ITS A BOY
Cain’s new series of works references the figure and gently probes at confronting and challenging issues surrounding sexuality, gender and identity. Using ambiguity and stereotypes these playful works deconstruct the notions of sexuality and queer identity. These minimal paintings with their clean black lines, bright block colours and concealed text, are deceptively simple, yet offer a compounded complexity focusing’ in on the body, how its viewed, employed and interpreted.
Celebration of the male form certainly has a rich artistic precedence - from classical Greek sculptures of disrobed hero’s as exemplars of ‘masculinity’, to the subtle undertones of homoerotic desire, perhaps expressed by Michelangelo’s David -not to mention Donatello’s earlier, androgenous bonze version.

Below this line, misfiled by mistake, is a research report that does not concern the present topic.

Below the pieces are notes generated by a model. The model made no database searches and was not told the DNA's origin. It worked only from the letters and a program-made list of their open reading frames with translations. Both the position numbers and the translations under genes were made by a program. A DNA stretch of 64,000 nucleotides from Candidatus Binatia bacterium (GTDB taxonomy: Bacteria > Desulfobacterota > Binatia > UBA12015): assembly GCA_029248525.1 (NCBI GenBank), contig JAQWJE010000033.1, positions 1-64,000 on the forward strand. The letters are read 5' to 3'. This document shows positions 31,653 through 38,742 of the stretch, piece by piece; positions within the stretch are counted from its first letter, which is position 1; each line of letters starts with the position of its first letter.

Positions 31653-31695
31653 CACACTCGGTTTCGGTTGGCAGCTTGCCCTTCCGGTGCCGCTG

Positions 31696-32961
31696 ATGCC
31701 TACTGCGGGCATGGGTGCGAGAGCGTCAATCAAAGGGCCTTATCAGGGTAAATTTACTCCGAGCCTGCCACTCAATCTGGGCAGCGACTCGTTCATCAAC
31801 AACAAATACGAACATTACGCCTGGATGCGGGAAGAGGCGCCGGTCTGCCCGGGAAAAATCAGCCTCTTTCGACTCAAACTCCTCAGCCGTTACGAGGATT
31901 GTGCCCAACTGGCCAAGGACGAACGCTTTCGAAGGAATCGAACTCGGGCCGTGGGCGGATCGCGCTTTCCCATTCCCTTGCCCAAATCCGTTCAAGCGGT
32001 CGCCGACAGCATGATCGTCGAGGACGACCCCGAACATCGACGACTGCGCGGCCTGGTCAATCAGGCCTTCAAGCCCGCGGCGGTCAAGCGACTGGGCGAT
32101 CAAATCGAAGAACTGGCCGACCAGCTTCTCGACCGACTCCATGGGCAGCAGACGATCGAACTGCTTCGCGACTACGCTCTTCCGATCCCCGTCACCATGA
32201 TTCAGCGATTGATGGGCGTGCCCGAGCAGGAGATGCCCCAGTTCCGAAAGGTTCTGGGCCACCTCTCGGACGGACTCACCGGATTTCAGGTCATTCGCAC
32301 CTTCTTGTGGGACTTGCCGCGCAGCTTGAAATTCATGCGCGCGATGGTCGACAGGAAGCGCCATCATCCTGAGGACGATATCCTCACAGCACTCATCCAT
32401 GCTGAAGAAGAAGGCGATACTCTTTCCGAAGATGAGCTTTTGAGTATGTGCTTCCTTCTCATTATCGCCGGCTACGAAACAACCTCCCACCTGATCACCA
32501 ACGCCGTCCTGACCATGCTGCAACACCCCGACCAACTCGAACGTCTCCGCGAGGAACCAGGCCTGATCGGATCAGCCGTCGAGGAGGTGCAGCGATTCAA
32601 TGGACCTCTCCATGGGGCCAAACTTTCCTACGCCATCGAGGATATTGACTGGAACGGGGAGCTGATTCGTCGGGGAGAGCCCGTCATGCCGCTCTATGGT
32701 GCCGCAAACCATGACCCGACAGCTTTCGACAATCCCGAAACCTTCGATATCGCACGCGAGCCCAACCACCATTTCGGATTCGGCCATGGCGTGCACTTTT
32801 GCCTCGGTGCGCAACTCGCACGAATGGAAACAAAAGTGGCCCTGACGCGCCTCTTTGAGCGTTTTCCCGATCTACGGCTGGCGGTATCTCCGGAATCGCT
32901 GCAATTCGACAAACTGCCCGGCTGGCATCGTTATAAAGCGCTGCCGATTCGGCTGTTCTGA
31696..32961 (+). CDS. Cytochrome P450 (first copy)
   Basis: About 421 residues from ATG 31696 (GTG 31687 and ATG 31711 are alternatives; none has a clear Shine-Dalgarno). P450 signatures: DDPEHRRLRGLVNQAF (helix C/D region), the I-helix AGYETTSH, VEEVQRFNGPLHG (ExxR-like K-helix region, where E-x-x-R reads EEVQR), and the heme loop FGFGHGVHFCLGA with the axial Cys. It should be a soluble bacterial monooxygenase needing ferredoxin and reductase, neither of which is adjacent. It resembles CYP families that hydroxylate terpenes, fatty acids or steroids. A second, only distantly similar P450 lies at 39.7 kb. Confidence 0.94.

While a number of work from antiquity and beyond may have eroticised the male nude in carefully guarded ways, the opportunity to openly celibate the male form from a queer perspective is something altogether more recent. As Arthur Burms noted: “Cain asks in an accessible manner where the line between fetishism and representation is draw? “He does not give any answers but only states that what must be overcome is not homosexuality as such, but the public opinion that hinders living homosexuality”
Utilising the slick visual language of advertising - and it’s employment of the body - alongside themes and subtle undercurrents of Art History, Cain’s work points to the shift in focus of the male gaze. His clean reductive style evokes both a visual and spatial experience of the world around us, playfully toying with assumptions surrounding gender expression and identity, all of which are grafted onto the physical body.
Acrylic on Canvas